Construction Zone Crashes: Who is Liable?
Earlier this year, two fatal car accidents occurred in the same month in the same construction zone on the Jane Addams (Illinois I-90) Tollway. Ironically, one of the tragic collisions happened during National Work Zone Awareness Week.
In the first accident, one person was killed and six people were injured when their limousine driver hit a brick wall. Four of the injured people were initially in critical condition. Lawsuits have been filed against the limousine company and two of the construction companies. The allegations against the construction companies are that they were negligent in designing, erecting and maintaining a construction zone that was confusing and dangerous.
In the second fatal accident, a driver was killed when he collided with a tow truck in the work zone. The tow truck driver was injured.
After the second fatal accident, the Illinois State Police issued a statement that that they considered the work zone safe and warned drivers to be more careful. But, the police said, they would “keep a visible presence in the construction zone.”
The Tollway said it planned to take measures to improve safety such as:
- Adding new radar speed signs on the tollway; and
- Adding more message boards to inform drivers of upcoming delays or lane pattern changes.
The Tollway Authority also said it was committed to keeping the highway safe during construction and would “monitor conditions along I-90 and make additional adjustment as needed to ensure safety on the road.”
What is a Construction Zone Vehicle Accident?
A construction zone, or work zone, car crash is when the “first harmful event” occurs in the area marked off as a work or construction zone or occurs at the approach to or exit from the area. Construction workers do not need to be present and working at the time of the crash for it to be considered a construction zone crash.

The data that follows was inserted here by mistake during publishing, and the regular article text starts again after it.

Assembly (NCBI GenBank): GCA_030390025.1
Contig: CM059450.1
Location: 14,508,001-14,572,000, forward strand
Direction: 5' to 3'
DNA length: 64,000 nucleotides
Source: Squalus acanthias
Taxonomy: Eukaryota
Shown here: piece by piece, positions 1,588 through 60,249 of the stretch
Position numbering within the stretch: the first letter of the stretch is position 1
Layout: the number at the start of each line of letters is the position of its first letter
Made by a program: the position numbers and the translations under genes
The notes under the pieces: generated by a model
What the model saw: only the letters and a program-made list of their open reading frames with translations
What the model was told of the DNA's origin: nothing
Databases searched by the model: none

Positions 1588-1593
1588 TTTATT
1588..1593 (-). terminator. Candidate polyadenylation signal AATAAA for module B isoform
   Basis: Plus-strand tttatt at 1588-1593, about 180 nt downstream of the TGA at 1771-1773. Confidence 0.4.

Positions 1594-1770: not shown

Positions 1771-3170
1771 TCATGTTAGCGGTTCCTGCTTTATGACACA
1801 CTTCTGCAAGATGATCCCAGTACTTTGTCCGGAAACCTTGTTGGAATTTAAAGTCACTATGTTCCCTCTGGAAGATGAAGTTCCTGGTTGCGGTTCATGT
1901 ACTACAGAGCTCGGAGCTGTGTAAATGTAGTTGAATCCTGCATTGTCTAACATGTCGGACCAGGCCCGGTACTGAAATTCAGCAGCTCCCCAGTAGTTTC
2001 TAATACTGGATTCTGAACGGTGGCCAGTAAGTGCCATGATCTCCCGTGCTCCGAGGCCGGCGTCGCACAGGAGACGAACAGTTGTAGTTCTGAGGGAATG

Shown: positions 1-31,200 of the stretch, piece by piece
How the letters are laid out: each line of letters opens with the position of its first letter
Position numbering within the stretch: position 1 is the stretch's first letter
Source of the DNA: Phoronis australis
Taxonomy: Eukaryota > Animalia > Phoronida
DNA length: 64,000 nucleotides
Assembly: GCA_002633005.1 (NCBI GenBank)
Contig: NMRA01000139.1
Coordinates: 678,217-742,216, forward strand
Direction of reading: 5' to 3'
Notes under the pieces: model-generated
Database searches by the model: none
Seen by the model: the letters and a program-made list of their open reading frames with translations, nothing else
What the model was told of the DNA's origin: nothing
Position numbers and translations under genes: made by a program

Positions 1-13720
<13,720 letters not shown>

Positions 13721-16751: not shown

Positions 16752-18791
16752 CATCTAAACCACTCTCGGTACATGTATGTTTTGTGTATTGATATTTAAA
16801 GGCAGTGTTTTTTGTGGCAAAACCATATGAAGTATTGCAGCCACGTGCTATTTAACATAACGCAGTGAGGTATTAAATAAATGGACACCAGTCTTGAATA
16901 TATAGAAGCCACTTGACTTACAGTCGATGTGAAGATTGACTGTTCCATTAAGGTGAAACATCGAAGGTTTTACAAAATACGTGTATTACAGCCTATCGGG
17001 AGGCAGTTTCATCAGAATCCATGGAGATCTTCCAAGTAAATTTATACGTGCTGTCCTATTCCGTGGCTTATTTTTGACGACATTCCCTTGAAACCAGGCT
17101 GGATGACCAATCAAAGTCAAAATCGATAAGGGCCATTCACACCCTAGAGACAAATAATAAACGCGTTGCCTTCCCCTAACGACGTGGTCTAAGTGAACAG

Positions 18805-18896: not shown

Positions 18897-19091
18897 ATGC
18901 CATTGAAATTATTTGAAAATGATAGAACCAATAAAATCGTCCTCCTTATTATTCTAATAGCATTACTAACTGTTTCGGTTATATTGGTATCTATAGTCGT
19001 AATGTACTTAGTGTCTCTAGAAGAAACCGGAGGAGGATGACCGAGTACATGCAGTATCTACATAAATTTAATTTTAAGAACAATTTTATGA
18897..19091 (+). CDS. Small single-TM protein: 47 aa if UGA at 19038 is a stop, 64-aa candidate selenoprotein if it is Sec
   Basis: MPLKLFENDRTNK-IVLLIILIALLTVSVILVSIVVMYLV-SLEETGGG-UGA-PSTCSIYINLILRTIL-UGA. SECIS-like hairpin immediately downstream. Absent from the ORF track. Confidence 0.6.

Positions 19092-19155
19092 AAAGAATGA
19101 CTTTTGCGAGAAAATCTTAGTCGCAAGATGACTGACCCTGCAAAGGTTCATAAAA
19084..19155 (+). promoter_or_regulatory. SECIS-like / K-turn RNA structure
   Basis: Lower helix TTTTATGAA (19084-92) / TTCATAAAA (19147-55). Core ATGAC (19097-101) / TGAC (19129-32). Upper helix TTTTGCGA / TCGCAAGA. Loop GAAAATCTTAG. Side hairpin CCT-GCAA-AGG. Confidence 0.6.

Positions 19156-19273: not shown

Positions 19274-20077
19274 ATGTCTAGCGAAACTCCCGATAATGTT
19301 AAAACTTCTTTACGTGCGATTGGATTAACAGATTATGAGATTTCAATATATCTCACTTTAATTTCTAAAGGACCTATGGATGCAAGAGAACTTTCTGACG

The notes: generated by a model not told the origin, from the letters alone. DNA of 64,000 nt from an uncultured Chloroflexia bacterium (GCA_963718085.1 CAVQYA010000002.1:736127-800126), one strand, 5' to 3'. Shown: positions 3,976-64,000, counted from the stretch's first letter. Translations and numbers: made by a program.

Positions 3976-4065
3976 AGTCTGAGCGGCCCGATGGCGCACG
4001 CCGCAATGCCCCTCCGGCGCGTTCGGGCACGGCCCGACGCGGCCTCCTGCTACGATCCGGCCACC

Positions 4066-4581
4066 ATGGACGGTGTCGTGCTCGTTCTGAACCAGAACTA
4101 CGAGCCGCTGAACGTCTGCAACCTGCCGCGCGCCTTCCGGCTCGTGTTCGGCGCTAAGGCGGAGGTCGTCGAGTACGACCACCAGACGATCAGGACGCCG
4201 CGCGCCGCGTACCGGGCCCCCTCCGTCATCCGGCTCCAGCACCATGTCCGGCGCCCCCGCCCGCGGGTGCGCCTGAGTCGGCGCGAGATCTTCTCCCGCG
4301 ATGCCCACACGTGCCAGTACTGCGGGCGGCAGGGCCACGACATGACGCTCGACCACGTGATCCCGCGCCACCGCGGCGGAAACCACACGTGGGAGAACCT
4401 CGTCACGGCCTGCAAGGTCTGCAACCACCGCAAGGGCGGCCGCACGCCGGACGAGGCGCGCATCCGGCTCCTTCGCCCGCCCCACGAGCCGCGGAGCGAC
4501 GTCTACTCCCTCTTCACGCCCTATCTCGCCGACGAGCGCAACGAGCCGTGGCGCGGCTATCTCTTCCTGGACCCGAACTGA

There is no one clear answer to the question of who is liable for a construction zone car crash. The same legal principles apply to any vehicle collision - those who breach a duty of care are liable for injuries due to their negligence.
When the Construction Company May Be Liable
Construction companies have a duty to make a construction site safe, to not create dangers and to warn of dangers that may exist. When they breach their duty, they are liable for the damages that are caused by their negligence. The companies are vicariously liable for the negligence of their workers and subcontractors. Some examples of construction company negligence in roadway work zones are:
- Design of construction zone route that creates hazard by forcing motorists to make sudden or dangerous maneuvers.
- Maintenance of construction site route that creates hazard by forcing motorists to make sudden or dangerous maneuvers.
- Lack of warning signs or improperly placed warning signs.
- Directions for detouring through the site not fully visible.
- Inaccurate warning signs.
- Placement of signs, barricades or devices in too close a proximity to moving lanes.
- Operation of construction equipment that impairs passage of moving vehicles.
When A Driver is Liable
There are times when the construction company and construction workers operated safely, but the actions of a driver caused the crash. For example:
- A car hits a warning sign or equipment, causing a chain reaction and another car or cars run into the first one.
- A driver rear-ends another driver who properly slowed down or stopped.
- A driver was distracted and did not see the warning signs. The distraction caused an accident with another driver who was following the rules.
Contact an Experienced Construction Zone Accident Attorney
If you were injured or a loved one was killed in a car accident that occurred in a construction zone, contact one of our construction zone accident attorneys at Blumenshine Law Group. We have years of experience helping our clients work through the difficult time of car accident injuries and to receive the maximum compensation allowed under the law. We are compassionate and put all of our energy into resolving your case in the best possible way.
The law requires you to file a claim for damages within a certain period of time after the incident. If you let that time pass, you will lose forever your right to collect damages no matter how seriously you were hurt. Do not let that time pass. Contact us today at firstname.lastname@example.org or (312) 766-1000 for a free consultation.